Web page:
Earlier this month, we gathered with our Certified Bank Director community for our annual CBD Conference.
In the year that passed since our last conference, so much has changed in banking and financial services. The geo-political backdrop continues to throw up massive social and economic challenges.
At the same time financial services is undergoing a global change to embrace new technology advancements, constantly evolving customer preferences and new regulatory requirements.
In Ireland, with the market exits of KBC and the withdrawal of Ulster Bank from the Republic of Ireland, the Irish retail banking sector is contracting to just three major banks. If we consider that in 2008, we had 12 retail banks, this constitutes the culmination of a seismic shift in the market.
At such an important time for the sector, it was so valuable to bring together senior banking leaders, academic experts and industry thought leaders to discuss the latest trends and regulatory changes impacting the sector.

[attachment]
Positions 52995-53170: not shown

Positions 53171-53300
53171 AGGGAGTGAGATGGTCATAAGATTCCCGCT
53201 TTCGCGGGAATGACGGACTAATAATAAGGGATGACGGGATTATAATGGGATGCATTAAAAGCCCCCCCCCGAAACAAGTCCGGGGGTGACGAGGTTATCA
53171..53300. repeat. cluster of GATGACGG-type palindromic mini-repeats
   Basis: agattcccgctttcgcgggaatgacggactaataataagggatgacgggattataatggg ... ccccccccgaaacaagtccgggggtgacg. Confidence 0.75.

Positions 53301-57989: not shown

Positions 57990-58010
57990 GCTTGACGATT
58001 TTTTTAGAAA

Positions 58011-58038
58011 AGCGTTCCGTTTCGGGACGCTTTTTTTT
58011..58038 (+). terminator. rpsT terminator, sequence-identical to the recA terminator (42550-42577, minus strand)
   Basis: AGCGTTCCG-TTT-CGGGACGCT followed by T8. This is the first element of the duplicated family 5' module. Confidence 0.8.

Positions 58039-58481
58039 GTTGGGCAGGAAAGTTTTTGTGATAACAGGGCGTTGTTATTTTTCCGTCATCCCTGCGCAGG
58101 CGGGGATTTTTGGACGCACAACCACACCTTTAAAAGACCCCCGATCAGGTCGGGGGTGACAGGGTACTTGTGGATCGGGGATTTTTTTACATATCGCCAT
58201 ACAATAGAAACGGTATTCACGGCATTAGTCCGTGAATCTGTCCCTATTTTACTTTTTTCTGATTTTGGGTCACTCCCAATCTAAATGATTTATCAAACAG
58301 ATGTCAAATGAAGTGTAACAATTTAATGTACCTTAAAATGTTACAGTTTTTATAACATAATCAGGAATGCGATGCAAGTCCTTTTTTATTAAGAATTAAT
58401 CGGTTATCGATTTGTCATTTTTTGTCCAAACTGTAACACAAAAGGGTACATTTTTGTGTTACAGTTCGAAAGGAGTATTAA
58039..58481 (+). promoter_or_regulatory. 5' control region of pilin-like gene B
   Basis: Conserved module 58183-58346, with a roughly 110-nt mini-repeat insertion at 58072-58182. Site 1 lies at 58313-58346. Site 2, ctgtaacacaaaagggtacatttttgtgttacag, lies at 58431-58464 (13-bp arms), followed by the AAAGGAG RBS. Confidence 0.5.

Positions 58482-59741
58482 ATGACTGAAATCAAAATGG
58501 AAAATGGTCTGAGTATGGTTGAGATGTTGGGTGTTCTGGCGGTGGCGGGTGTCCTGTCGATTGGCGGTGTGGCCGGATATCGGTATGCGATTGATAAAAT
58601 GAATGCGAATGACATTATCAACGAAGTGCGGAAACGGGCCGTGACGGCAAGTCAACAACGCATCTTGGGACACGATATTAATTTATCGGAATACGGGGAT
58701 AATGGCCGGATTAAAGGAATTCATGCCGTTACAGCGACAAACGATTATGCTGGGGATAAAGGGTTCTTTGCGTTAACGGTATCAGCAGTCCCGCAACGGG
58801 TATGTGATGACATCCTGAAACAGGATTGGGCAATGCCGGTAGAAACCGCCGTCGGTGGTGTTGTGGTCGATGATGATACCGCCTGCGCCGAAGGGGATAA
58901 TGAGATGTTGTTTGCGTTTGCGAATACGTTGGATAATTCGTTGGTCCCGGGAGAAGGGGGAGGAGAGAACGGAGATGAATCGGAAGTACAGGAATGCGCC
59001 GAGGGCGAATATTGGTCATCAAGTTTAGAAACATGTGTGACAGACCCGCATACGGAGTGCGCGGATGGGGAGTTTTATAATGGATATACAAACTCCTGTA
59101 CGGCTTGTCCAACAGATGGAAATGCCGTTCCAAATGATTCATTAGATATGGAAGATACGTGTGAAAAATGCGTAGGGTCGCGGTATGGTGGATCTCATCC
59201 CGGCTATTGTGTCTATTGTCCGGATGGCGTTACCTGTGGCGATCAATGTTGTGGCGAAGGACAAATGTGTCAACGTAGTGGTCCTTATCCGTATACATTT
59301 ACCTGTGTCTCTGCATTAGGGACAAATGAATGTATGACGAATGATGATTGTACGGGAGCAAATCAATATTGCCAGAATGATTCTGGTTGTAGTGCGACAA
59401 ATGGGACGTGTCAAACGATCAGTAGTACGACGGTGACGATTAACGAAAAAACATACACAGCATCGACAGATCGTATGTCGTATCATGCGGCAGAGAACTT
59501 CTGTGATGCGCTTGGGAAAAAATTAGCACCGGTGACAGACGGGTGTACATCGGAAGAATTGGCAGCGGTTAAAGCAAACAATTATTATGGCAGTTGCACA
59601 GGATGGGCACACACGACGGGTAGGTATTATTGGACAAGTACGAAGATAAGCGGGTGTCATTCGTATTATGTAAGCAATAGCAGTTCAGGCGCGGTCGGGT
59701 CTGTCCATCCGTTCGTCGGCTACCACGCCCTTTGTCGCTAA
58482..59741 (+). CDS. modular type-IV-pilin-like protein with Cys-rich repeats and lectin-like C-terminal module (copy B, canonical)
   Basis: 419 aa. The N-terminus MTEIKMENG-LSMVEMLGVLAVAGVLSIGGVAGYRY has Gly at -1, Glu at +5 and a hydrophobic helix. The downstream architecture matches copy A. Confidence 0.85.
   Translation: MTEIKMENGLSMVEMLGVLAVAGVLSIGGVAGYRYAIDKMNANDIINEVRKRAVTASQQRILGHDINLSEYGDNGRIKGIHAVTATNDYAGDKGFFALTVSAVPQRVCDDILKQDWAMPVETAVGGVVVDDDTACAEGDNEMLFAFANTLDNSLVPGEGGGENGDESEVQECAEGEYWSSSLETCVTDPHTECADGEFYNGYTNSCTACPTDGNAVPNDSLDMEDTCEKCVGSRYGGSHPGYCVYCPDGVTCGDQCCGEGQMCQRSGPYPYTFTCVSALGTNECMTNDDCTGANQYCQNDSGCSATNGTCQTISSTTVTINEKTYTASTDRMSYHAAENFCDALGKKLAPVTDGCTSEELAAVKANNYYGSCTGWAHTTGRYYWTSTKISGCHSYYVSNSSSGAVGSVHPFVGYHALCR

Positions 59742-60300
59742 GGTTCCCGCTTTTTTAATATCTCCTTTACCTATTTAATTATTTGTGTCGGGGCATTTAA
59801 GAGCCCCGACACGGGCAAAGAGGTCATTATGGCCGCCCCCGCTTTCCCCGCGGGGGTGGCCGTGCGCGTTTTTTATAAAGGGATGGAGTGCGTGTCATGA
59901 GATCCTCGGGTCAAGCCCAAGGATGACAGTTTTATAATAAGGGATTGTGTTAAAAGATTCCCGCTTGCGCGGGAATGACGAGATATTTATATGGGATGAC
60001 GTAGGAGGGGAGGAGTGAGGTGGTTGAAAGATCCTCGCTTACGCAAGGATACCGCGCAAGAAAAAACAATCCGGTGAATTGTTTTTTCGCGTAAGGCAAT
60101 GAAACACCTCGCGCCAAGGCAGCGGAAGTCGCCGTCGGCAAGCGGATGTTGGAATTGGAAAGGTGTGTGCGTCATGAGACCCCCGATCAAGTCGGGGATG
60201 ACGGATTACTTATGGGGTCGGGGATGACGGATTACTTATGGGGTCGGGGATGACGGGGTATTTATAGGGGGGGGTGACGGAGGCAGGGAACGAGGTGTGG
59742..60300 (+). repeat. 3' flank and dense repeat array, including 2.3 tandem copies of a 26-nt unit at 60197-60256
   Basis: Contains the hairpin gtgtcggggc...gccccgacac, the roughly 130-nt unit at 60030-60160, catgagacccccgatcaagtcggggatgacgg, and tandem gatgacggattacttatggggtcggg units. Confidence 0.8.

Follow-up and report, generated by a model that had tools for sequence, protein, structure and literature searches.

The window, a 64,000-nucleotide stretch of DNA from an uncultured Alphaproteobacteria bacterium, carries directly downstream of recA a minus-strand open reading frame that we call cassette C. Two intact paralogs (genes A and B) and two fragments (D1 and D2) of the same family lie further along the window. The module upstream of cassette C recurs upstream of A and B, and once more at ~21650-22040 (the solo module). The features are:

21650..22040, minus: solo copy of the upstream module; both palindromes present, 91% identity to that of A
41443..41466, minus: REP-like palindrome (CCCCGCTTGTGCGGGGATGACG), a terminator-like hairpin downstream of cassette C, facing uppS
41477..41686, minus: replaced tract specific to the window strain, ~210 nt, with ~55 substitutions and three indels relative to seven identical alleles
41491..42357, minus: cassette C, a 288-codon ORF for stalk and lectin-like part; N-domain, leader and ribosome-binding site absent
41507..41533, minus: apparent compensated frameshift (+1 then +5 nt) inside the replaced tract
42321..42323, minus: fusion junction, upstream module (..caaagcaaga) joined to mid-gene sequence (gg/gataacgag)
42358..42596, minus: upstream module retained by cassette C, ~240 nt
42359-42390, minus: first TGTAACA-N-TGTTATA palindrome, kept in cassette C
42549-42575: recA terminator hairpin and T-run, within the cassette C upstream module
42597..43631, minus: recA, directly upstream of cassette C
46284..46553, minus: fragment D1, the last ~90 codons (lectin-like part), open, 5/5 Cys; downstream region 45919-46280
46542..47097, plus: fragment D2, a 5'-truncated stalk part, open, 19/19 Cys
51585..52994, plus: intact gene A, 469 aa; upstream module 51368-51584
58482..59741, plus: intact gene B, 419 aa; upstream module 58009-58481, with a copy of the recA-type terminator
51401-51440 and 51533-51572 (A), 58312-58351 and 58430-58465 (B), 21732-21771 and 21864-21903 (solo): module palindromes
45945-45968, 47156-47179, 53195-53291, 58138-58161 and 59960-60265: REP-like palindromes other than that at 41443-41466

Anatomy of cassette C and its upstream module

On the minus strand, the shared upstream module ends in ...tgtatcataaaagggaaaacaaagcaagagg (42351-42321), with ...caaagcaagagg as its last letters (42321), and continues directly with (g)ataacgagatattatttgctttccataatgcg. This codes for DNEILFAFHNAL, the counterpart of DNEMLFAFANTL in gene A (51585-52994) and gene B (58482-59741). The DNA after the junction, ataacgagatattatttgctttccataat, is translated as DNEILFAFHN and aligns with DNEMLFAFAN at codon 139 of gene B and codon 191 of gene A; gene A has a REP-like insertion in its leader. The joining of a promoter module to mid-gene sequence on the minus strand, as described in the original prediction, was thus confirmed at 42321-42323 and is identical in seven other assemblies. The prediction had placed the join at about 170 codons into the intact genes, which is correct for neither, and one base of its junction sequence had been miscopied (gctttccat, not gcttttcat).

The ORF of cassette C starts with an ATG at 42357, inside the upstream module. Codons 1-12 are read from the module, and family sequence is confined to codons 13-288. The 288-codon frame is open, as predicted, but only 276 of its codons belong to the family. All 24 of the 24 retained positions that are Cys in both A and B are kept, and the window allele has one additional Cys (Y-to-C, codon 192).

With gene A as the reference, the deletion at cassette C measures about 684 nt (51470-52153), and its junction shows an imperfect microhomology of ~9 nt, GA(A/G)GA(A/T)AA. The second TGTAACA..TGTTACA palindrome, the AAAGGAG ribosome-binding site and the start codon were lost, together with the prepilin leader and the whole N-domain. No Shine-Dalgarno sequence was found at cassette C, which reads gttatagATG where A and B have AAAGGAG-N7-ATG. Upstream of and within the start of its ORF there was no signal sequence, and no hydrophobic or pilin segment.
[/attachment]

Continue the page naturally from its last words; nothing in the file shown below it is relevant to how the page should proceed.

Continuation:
I had the pleasure of moderating the keynote session at the conference, which featured a presentation by Hyun Song Shin, Economic Advisor with BIS. Hyun’s presentation drew from the recent BIS bulletin discussing the conditions that could lead to a hard or soft landing.
He highlighted how recent shocks to the global economy with rapidly rising energy costs, supply chain issues and labour market shortages, have created financial stress for so many households and an increasingly challenging environment for businesses.